Many Madison residents knew Declan Devlin was the teen on trial nine years ago for burning an American flag on Main Street, even though his name was never mentioned in news coverage of the case because he was only 16.
Word gets around, and the fact Devlin, a borough resident, was found guilty of a crime he did not commit haunted him ever since, said Lea Spiess, Devlin's attorney, who successfully argued to have to the charge against Devlin cleared last week in light of a confession from a Chatham man who admitted igniting the flag—a small one on a stick that was sticking out of a flower bed in front of —when he was 13.
The Chatham man wasn't aware that someone else was arrested for the crime and learned of the case years later through a mutual acquaintance of his and Devlin's.
In a hearing last Thursday, Devlin was cleared of the disorderly conduct charge by state Superior Court Family Division Judge Thomas Critchley, the same judge who found Devlin guilty in the 2003 bench trial and sentenced him to time served—three days in juvenile detention—and 50 hours of community service.
Spiess said the law office was intrigued when Devlin approached them about taking on his case.
"It was unique to us," she said. The office doesn't ordinarily take cases in New Jersey. Additionally, it was a juvenile delinquency matter that was to be expunged.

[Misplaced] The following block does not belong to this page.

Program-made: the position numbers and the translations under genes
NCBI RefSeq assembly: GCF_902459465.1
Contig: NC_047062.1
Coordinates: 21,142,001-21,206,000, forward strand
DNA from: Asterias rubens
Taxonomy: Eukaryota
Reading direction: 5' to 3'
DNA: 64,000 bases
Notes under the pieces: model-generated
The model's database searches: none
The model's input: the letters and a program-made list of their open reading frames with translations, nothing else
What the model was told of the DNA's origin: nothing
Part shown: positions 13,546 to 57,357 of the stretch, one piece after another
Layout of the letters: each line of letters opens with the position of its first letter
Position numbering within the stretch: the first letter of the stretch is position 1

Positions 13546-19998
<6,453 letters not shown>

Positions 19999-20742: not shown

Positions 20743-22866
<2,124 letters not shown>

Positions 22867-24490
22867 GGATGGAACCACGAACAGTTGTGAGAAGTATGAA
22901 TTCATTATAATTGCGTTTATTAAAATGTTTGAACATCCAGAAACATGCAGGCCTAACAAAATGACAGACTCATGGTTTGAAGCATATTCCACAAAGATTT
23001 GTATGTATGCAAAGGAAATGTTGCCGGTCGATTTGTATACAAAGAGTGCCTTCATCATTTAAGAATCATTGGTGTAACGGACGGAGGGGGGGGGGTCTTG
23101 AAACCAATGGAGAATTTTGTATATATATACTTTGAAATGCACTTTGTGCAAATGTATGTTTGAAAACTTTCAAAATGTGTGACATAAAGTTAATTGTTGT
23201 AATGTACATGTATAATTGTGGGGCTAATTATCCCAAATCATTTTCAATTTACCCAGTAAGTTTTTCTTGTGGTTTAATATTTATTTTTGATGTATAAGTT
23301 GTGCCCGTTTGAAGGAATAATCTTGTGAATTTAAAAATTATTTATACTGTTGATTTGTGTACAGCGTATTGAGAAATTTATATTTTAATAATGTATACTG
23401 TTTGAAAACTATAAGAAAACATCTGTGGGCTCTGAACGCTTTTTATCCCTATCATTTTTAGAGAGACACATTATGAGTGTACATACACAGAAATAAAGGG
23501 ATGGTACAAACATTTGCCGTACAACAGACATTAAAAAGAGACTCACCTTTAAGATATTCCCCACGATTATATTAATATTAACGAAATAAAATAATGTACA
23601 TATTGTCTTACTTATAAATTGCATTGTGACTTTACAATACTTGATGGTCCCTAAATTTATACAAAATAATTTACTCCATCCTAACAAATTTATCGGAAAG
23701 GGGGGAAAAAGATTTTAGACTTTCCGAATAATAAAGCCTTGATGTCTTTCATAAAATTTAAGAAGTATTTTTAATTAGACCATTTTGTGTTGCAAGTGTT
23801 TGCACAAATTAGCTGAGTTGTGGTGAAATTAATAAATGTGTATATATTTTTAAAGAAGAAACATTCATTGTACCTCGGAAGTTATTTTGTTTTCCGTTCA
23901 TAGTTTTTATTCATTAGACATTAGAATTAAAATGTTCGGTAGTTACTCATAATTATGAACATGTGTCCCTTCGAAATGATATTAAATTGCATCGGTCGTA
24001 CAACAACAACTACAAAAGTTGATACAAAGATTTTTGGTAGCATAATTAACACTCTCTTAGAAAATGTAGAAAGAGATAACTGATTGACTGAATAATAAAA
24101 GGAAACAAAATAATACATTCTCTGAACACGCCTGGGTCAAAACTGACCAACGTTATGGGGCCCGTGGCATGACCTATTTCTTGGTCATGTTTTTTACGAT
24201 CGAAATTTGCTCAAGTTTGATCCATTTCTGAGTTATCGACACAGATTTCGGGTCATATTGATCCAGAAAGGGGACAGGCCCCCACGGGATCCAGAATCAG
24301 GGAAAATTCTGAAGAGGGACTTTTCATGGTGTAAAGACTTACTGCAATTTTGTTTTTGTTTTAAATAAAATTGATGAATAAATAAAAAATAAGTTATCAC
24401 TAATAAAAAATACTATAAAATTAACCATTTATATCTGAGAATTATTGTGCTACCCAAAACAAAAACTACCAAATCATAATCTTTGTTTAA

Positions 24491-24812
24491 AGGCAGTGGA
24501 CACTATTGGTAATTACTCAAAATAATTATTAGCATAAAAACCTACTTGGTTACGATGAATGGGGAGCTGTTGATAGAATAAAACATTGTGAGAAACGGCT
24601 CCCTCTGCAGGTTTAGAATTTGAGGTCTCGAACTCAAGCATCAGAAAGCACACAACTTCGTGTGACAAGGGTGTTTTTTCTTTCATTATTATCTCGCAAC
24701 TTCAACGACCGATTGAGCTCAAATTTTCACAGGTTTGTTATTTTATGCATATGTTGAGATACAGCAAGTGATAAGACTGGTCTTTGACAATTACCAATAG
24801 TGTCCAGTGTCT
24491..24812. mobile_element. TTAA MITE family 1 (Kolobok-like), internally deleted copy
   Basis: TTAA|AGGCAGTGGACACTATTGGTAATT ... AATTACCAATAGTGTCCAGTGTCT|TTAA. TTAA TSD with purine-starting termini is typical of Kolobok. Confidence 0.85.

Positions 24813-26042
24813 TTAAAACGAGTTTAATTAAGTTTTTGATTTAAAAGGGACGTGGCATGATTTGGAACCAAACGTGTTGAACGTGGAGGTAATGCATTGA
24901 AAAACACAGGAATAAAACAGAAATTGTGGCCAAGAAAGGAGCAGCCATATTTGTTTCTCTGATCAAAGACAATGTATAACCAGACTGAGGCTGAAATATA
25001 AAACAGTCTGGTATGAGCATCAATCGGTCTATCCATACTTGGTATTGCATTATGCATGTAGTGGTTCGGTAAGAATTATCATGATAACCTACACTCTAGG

"In terms of legal consequences, it didn't have any at this point," said Spiess, who works for the Law Office of Ronald Kuby.
Ronald Kuby told The Associated Press the flag burning case tore apart Devlin's relationship to the community.
"People in the little town of Madison could deal with teen cigarette smoking, or occasional beer drinking or pot smoking, but the notion that, so soon after 9/11, someone from their community would burn a flag was really upsetting," he said.
Devlin was found guilty largely based on the testimony of witnesses who identified him, though there were discrepancies in their descriptions. Fingerprints found on a gas container did not match Devlin's. The Chatham man said in a court document he used the container to douse the flag and then threw the flag when the flame was too big. He didn't see where it landed and ran when someone called out to him, he said in a court document.